ICANN recently decided to end most restrictions on the allowed generic top-level domain (gTLD) suffixes from the 22 currently available extensions (such as .com, .gov, .edu, etc). Companies and organizations will be able to choose essentially arbitrary suffixes for their internet domain names. ICANN is the organization responsible for managing the Internet protocol address spaces. Our Global Correspondent Jose Cervera analyzes ICANN's very important decision and its implications.
The nature of the Internet makes it almost impossible to control the medium. Anyone who wants to can connect a computer capable of ‘speaking Web’ and go live on the Internet; while any other person connected to the web can view its contents. Computer languages, technically called protocols, are open and do not belong to anyone.
The technology that forms the guts of the network is open. That is why anyone can publish whatever they wish, and why it's so hard to avoid the spread of information. China is spending billions on its Great Digital Wall; record companies have been unable to prevent having their music pirated; and the U.S. government has been unable to stop WikiLeaks from exposing their diplomacy to ridicule. All because the Internet is not controllable: in the jargon of strategy analysts, it lacks "choke points"— physical or conceptual checkpoints where well exerted pressure can limit or block the flow of information.
The Internet today has no 'choke points'. But it once did. And ICANN's latest initiative, enabling the creation of 1,000 new top level domains (TLD), attempts to eradicate those blocks forever. Anyone who wants to publish something on the Internet or connect to the Internet may do so. But in order to run the Web from a technical point of view, someone has to control a scarce resource. In this case, IP addresses, which are the numerical labels used to identify communicating computers.
Currently, IP addresses are composed of a 32-bit binary number that is written in four bytes, each one between 0 and 255. They are expressed as 18.104.22.168, rendering a total of 4,294,967,296 possible IP addresses (2 to the power of 32). These numbers are running out, so steps are being taken to change the current system (called IPv4) with a new one (IPv6), in which IP addresses have 128 bits and can generate a much larger number of addresses (2 to the power of 138).
IPv6 IP addresses are expressed as 2001:0123:0004:00ab:0cde:3403:0001:0063. The switch to IPv6 addresses, which has always been postponed, will end the shortage of IP addresses. But another shortage would still remain: domain names. This is because we humans on the outer edge of the Internet do not like having to type a number like 22.214.171.124 to reach a website, much less one such as 2001:0123:0004:00ab: 0cde:3403:0001:0063. To avoid this issue, the Domain Name System (DNS) was invented to translate IP addresses to labels that we can understand – called domains – such as portada-online.com, for example.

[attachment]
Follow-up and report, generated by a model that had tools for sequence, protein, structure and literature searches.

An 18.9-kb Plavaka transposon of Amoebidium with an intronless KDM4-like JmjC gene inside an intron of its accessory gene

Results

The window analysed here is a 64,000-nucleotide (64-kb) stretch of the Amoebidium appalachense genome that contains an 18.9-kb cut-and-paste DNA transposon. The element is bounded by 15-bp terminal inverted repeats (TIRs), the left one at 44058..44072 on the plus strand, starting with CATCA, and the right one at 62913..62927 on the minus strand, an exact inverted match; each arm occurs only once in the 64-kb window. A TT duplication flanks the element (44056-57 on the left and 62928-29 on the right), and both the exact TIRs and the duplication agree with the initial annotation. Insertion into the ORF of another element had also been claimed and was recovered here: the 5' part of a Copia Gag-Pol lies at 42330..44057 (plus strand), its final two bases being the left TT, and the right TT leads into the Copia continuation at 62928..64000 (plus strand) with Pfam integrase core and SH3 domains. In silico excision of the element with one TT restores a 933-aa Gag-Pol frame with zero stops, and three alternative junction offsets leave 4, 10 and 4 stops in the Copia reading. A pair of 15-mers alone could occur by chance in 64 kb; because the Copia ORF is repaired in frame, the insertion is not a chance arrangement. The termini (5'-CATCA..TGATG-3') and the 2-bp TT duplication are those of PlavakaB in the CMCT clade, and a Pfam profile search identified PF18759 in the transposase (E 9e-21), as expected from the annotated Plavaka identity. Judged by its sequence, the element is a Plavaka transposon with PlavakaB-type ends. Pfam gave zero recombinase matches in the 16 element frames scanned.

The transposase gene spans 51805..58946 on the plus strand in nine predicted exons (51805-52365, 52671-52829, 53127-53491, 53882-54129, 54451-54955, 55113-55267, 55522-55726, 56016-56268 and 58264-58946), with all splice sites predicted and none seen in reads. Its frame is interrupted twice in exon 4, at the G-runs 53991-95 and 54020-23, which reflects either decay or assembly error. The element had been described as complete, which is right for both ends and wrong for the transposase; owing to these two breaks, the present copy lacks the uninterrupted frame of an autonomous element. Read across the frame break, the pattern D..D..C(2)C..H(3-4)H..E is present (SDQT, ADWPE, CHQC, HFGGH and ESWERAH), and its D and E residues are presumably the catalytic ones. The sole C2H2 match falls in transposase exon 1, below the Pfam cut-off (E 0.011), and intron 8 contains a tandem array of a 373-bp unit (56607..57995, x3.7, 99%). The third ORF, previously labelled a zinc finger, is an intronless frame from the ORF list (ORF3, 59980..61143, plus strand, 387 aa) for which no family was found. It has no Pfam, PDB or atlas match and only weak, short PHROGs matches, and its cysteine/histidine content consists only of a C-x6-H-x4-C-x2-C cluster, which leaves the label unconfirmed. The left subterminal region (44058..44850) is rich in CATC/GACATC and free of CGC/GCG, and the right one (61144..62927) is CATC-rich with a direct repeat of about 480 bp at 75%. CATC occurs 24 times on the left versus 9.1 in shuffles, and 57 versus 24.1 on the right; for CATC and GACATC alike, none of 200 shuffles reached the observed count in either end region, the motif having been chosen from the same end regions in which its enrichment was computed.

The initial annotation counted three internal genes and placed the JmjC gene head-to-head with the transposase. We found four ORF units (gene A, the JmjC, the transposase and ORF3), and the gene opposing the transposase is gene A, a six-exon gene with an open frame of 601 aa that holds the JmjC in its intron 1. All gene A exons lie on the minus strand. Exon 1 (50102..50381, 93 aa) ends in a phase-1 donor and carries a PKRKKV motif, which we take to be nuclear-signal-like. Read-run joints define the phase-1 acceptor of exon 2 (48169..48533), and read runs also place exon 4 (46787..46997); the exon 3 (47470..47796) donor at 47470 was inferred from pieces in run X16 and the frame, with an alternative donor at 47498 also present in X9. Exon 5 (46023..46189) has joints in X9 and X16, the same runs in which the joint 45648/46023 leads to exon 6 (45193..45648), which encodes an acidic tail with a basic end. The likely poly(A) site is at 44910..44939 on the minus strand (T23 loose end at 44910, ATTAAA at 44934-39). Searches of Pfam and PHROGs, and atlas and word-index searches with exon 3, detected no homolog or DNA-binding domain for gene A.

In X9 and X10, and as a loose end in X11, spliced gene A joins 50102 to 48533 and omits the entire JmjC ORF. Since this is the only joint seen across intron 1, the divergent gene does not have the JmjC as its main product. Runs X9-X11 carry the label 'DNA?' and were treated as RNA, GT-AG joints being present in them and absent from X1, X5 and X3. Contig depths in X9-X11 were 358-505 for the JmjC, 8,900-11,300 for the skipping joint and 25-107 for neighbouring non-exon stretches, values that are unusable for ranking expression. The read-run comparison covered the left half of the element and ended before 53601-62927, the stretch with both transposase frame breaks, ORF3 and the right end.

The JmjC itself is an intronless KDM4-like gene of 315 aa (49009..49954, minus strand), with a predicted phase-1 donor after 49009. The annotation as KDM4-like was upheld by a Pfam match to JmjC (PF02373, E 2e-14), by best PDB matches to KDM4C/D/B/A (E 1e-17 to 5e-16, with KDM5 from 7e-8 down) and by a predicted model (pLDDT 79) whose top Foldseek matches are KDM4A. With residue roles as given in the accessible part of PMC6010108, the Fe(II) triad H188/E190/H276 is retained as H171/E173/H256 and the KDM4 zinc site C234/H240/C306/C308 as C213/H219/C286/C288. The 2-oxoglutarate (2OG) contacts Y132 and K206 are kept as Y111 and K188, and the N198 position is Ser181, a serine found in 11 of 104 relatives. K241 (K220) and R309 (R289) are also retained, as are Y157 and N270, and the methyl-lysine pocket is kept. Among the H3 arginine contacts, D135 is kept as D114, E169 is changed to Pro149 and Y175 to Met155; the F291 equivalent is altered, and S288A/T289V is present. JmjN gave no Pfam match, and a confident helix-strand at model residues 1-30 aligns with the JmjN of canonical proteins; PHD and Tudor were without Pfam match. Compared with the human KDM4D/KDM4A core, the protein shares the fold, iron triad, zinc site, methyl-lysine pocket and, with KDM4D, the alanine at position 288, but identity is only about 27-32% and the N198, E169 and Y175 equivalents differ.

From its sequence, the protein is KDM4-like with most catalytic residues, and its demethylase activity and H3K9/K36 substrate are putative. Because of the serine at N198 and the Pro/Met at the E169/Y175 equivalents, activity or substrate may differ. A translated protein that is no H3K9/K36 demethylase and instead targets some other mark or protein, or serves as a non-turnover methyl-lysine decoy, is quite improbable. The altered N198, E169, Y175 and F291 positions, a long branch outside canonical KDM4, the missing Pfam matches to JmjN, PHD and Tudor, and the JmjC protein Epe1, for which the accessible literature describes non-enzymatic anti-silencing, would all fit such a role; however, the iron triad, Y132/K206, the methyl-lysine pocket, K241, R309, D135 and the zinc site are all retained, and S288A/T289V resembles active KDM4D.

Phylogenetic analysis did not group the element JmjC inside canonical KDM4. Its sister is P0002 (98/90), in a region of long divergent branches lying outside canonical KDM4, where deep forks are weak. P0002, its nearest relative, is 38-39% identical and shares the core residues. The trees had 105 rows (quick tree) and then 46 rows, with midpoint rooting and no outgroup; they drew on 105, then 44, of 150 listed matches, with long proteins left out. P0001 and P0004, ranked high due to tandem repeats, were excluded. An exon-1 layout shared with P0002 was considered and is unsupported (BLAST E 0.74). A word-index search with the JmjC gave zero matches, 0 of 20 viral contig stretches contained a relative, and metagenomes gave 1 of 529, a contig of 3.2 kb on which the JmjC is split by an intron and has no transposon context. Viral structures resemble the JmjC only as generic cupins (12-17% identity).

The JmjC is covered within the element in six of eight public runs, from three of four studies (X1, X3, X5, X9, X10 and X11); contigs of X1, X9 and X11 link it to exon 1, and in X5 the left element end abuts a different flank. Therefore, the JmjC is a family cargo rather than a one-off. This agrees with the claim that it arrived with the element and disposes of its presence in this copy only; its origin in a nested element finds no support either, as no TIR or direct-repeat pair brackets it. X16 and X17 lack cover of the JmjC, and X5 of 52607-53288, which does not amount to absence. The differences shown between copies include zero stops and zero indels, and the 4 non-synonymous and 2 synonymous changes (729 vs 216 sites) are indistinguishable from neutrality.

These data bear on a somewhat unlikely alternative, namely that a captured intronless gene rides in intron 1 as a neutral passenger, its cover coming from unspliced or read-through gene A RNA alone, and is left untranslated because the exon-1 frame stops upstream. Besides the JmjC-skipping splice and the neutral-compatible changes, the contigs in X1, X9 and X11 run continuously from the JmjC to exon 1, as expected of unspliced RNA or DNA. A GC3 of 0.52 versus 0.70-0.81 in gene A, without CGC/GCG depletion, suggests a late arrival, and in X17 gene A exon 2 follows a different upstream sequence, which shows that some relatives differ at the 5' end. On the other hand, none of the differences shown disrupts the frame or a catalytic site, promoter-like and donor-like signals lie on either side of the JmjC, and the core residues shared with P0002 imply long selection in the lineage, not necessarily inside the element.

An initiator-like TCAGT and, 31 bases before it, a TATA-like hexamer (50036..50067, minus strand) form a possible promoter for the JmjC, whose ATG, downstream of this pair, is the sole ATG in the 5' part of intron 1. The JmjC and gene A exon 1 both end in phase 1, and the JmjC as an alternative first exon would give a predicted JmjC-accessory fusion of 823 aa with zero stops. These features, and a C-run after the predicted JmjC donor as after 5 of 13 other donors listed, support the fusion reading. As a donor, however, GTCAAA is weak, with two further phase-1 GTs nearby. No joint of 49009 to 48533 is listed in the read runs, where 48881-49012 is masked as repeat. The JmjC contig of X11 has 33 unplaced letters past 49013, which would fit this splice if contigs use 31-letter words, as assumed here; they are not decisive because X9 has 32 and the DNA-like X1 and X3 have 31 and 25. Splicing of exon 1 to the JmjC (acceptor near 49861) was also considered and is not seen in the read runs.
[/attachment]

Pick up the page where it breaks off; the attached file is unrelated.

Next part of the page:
This gave the Internet a wonderful choke point, because someone has to connect domain names with IP addresses in order to establish a link to translate the address. In most national-level domains, this task has typically been carried out by a local government entity. For generic domains such as .com, .net, and .org, that task was historically left to Network Solutions, the American company charged by the U.S. government with the job.
One single company and a scarce resource (especially domain names ending in .com, which are desired by all) created a natural choke point. The result was a fight for control of the DNS and countless problems, especially with regard to domain names for trade names (the so-called 'domain hijacking'). The situation became tense, and the U.S. government attempted to seize control of the Internet, leading the community of technologists who created the Web to respond. The solution arrived at was Solomonic: a new entity called ICANN was created, which would be responsible from then on for the technological management of the Web, including the DNS, among other things.
And since 1998, ICANN has been doing just that. Throughout all these years, one of its strategic objectives has been to eliminate bottlenecks in the net’s structure to make it less vulnerable to external control. To do this, it has increased the number of so-called root servers, which are the computers responsible for managing the DNS for the Top-Level Domains (gTLDs)— which initially were very limited in number (only 13) and have now reached three hundred.
But there was still another area of scarcity that ICANN wanted to eliminate, and those were the generic domains. With only a handful of TLDs available, there was great demand for address names ending in .com (especially), .edu, .org, and .net. So the TLDs were expanded, first to seven more between 2001 and 2004 (.aero, .biz, .coop, .info, .museum, .name, and .pro), and later another group of sponsored domains was added (.asia, .cat, .jobs, .mobi, .phone, .travel, .XXX).
On June 20, ICANN approved the release of all gTLDs, which means that any interested company or group can acquire a top-level domain by paying a registration fee, plus an annual fee. Experts predict this will create between 500 to 1,000 new domains, mostly from commercial companies seeking greater control over their brand names on the Web. Soon there will be new namespaces available everywhere, which will create more confusion, but will also remove constraints. With fewer bottlenecks, the Internet will be less controllable and freer, which is a good thing for all.